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Starting with the covers the Moleskine is a very heavy, single color, piece of cardboard with an imprinted logo on the back. It’s got a flap on the back that folds in and serves as the famous Moleskine pocket. This pocket is not very well secured by the glue and tears out easily, it also causes the back to be prone to creasing rather than flexing. The Field Notes book has a thin “packing brown wrap” cover with a logo on the front and some identifiers. It also has a little on the back, but on the inside is where it really shines. It’s got name, coordinents, date, and return to blanks right in the front, and the back contains may useful reference items, including a list of uses, and all the materials used in the book. It’s still fairly flimsy, though, and when it bends it stays bent rather than easily popping back into place.

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Size-wise, both books are almost identical, despite the Moleskine having 12 more sheets. The rounding on the corners is also a bit less on the Moleskine. The paper inside the Moleskine is the standard archival quality, but fairly weak, off-white paper the comes with all Moleskines. In the Field Notes is a smooth, bright white paper. The actual type of paper is listed both on the website and in the book for easy reference. Both books come in: blank, ruled, and squared or graphed paper. But some special edition Field Notes have all sorts of different rulings. There is little variation in the ruling size wise, the only major ones being the Field Notes have a wide top margin and slightly lighter lines for the ruling. They’re brownish compared to Moleskine’s grey. One feature of the Moleskine that the Field Notes lack is that the latter half of the pages are perforated for easy removal, meaning you can tear them out without destroying the binding.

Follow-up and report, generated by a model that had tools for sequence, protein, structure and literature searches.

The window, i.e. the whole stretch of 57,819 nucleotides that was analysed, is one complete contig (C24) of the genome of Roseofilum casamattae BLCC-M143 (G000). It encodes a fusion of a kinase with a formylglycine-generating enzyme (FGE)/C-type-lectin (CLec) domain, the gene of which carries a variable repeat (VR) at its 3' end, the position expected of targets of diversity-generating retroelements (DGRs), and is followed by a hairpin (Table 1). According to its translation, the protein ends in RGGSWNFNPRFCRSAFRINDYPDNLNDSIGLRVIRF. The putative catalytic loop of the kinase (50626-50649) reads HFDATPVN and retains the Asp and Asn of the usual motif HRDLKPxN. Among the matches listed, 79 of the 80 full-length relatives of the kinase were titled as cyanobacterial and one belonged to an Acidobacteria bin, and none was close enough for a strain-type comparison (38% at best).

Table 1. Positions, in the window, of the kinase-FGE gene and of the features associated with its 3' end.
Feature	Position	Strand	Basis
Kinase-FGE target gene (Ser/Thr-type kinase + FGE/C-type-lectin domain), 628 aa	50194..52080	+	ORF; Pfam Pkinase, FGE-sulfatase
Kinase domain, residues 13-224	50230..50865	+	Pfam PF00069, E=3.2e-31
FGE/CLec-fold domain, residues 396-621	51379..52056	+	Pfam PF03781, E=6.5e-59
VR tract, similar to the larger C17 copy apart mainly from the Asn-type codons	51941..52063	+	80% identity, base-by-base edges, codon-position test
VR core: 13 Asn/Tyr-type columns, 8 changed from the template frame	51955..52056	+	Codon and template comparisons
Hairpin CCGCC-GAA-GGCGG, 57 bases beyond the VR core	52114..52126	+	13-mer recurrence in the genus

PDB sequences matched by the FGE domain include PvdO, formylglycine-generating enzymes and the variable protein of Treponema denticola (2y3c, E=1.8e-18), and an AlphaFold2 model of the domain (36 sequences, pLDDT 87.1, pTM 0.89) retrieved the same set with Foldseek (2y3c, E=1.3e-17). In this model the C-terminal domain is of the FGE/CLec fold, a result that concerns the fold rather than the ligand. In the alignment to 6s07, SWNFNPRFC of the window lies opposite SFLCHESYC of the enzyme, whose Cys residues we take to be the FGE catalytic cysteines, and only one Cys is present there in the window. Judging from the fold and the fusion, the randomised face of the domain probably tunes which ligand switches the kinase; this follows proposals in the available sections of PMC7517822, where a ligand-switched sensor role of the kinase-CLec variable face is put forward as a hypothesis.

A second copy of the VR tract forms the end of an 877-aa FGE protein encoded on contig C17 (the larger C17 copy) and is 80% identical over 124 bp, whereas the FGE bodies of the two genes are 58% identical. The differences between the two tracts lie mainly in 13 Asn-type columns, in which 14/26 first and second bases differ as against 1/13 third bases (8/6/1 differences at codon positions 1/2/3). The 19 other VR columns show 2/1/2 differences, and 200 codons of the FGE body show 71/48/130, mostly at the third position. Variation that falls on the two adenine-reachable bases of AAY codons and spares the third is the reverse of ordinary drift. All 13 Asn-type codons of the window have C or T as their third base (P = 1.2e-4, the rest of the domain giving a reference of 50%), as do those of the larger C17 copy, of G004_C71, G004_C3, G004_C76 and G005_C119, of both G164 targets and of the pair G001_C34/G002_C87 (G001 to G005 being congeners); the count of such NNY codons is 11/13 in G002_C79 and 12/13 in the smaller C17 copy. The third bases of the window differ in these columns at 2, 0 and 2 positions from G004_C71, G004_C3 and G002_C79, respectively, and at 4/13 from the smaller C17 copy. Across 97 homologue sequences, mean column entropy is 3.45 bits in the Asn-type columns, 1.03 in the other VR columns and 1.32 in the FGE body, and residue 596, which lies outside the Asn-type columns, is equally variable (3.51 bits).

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Speaking of the binding, that’s where the really major difference between these books kicks in. The Field Notes are saddle stitched with three staples. The Moleskines however are stitched with 21 signatures. I believe they are also hand bound though I could be wrong on that. The Moleskine binding and cover makes it (like other Moleskines) like a rock. It is much harder to bend, but bends and creases terribly when it does so. The Field notes is a bit more lenient, bending more, but the staples provide great pivot points for bending and creasing as well. The Field Notes binding, while sturdy, can have the book come apart on it, though this rarely happens because of their limited page count. The binding on the Moleskine is much more likely to come undone itself and leave the book behind, though again this rarely happens.

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Really it all depends on what you want. They’re both about the same price so do you want: a better cover, more pages, perforation, and a pocket, or: better paper, better binding, and some useful information? In the end that’s what it comes done to. Also the looks a little bit. Personally I prefer the look of the Moleskine, but the quality of the Field Notes, so I use both. Try ’em and find out for yourself, it’s only like twenty dollars for three of each (at the time of writing).